As many of you know, our empty nest adventure included a recent move to Pittsburgh. And with this change came the desire for an urban lifestyle (a desire driven by my husband’s detest of trafficky commutes). We settled in an adorable little loft in the Pittsburgh Strip District and it’s turned out to be a foodies dream. I didn’t choose the location for its foodie appeal, but for the proximity to downtown and the walkability. The fact that it’s a food paradise is a bonus.
Pittsburgh’s Strip District, or “The Strip”, as it’s called, is a narrow, one-half square mile shopping district lined with ethnic grocers, produce stands, meat and fish markets, antique dealers and eclectic boutiques. The vibe is hip, frenetic and gritty. But the smells are spellbinding – from freshly-roasted coffee to aged cheeses, popped kettle corn to bread fresh from the oven. Locals and tourists alike swarm the Strip District on weekends, especially during the summer months when street vendors line the sidewalks and open-air farmer’s markets are abundant. Sidewalk cafes offer a place to people watch and enjoy a cocktail and lobster roll.
The Strip District got its start in the early 19th century as mills and factories chose the location for its proximity to the Allegheny River and railways for access to transportation. Produce merchants soon followed and today, they’ve all congregated on Penn Avenue just a couple of blocks from that original location.
If I don’t feel like cooking one night, I simply walk 3/4 mile to the Pittsburgh Public Market, a nonprofit marketplace that features locally-sourced food vendors and pick up one of 14 kinds of fresh ravioli.
Or I can also load up on some ready-made Indian food like samosas and curries. There’s also craft beer, a local winery, the Ikea of olive oil stores, bakery product and other ethnic foods, in addition to grass-fed meats and organic veggies. Having lived in Italy, we often crave some of the local foods that can be hard to find in the United States. But the Pennsylvania Macaroni Company, known to locals as Penn Mac, has almost a better selection than my local market in Milan did. And they ship their authentic Italian products anywhere! Oh, so you’re in a Middle Eastern mood tonight? Just one block away is Salems Middle Eastern market where we can get the most awesome, inexpensive chicken shawarma. There are Polish sausages, several Asian cafés, Peruvian chicken, and even an Argentinean steakhouse. And most have market sections that carry a dizzying array of authentic products.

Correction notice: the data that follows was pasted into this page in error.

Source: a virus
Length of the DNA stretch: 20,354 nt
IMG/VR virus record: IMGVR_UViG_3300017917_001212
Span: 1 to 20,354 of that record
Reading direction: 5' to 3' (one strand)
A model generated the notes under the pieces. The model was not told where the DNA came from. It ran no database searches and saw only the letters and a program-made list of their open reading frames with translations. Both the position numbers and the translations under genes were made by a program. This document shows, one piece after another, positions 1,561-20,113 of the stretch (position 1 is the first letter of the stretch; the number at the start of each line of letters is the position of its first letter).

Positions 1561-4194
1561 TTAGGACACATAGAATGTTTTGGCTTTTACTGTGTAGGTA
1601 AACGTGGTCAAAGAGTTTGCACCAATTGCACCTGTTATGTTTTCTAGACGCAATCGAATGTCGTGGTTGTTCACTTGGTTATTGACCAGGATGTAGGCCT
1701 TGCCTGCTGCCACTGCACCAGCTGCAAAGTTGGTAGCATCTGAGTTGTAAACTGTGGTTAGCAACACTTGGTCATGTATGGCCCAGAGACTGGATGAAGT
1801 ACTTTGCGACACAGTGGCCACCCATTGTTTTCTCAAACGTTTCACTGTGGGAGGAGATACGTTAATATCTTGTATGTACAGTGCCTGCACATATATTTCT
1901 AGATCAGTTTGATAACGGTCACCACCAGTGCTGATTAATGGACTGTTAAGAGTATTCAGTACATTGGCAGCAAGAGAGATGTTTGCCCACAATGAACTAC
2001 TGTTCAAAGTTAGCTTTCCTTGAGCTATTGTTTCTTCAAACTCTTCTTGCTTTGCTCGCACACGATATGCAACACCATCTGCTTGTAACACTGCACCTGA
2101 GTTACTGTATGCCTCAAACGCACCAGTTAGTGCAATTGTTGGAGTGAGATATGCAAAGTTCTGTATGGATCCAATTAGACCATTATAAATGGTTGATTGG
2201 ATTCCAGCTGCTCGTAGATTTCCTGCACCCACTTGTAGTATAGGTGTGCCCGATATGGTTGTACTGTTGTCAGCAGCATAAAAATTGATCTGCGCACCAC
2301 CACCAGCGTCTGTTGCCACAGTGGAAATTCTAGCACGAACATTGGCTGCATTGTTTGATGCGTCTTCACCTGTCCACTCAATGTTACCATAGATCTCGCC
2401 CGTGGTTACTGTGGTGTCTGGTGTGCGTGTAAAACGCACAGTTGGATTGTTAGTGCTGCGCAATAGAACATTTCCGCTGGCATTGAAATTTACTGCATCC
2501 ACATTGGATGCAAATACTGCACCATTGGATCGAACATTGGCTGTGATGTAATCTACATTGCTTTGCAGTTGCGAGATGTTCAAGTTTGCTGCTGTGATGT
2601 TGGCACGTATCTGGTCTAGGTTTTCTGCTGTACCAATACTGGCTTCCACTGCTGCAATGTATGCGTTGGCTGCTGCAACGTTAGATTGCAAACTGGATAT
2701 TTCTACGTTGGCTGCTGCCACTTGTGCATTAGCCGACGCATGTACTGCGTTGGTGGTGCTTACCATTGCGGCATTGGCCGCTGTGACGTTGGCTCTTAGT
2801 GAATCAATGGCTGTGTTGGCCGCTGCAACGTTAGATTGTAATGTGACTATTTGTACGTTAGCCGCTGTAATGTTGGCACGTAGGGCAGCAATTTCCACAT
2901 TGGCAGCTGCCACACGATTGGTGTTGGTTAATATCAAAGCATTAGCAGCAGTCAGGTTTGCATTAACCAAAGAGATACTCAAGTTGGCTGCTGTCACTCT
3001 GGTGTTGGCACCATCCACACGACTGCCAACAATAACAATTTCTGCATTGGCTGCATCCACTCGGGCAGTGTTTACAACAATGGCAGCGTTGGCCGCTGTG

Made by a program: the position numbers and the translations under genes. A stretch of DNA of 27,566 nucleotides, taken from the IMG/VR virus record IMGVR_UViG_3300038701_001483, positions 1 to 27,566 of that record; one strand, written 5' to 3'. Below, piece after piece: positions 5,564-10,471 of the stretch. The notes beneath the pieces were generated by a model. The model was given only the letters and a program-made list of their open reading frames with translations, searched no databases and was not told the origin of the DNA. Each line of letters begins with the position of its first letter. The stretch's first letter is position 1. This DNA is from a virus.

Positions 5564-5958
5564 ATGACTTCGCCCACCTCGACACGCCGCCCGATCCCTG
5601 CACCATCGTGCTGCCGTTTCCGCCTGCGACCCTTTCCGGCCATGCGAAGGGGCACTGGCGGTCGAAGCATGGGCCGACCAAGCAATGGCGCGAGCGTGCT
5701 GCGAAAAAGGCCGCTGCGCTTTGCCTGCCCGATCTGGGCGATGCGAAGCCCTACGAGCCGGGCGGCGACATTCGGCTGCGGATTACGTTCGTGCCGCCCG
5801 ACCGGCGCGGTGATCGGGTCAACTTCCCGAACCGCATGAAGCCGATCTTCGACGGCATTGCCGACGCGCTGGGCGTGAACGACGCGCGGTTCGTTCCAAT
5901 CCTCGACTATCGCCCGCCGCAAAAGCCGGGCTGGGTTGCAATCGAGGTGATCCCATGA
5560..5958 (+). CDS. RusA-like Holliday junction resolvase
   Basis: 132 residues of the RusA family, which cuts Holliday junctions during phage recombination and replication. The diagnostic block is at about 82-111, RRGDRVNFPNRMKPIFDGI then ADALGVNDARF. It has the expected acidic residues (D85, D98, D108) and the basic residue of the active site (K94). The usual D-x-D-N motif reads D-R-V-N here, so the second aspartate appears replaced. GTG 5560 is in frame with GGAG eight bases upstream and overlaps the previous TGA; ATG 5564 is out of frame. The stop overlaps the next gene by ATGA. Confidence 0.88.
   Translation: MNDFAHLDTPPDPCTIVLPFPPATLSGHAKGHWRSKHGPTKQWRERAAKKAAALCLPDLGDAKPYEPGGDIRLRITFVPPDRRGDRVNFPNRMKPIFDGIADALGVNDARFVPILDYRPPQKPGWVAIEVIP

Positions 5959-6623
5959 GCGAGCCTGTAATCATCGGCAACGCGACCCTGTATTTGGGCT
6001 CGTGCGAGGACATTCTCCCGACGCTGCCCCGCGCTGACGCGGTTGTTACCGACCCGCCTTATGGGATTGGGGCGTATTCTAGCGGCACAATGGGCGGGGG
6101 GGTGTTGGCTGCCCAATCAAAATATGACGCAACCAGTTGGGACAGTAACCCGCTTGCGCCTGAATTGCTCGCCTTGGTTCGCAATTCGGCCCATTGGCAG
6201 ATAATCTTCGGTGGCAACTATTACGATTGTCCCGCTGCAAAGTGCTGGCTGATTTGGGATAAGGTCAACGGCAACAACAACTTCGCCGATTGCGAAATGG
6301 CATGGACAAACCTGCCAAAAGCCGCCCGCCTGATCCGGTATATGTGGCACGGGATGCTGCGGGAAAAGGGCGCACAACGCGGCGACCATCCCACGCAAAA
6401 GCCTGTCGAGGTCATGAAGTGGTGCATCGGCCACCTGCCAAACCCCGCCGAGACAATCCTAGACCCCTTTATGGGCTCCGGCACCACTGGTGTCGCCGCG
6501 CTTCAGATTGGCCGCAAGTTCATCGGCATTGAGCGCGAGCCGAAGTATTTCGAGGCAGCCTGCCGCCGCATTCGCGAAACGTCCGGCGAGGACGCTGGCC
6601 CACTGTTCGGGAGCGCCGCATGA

So I’ll let you in on a little secret. I can shop for food like most women shop for shoes. I can seriously spend an entire afternoon just wondering through the market looking at different products. And every now and then, I’ll pick up something intriguing and take it home to experiment.
There’s even a retro candy shop with brands I remember from my childhood like Zero candy bars, candy necklaces and chiclets. They also have a full array of kitschy products like bacon flavored dental floss and bacon soap.
Wholey Seafood Market leaves nothing to the imagination with such a wide selection of seafood and prepared seafood products – the lobster bisque always goes home with me and becomes a pasta sauce. Their lobster mac and cheese is to die for. The 50-year-old Strip District Meats sells my favorite grass-fed meats, all at very reasonable prices (or if kangaroo or cobra are your thing, they sell those too). Enrico Biscotti Company is the Baskin-Robbins 33 flavors of biscotti. Pittsburgh’s signature Primanti Brothers is in the heart of everything where you can get a sandwich stacked high with French fries. There are way too many markets to mention but trust me, you won’t be lacking for imagination in what to eat or cook.
My biggest problem is that when I have a few hours to kill, I’ll wander down to the Strip and within a couple of hours, my bags are so heavy I have to call my husband to come drive me home.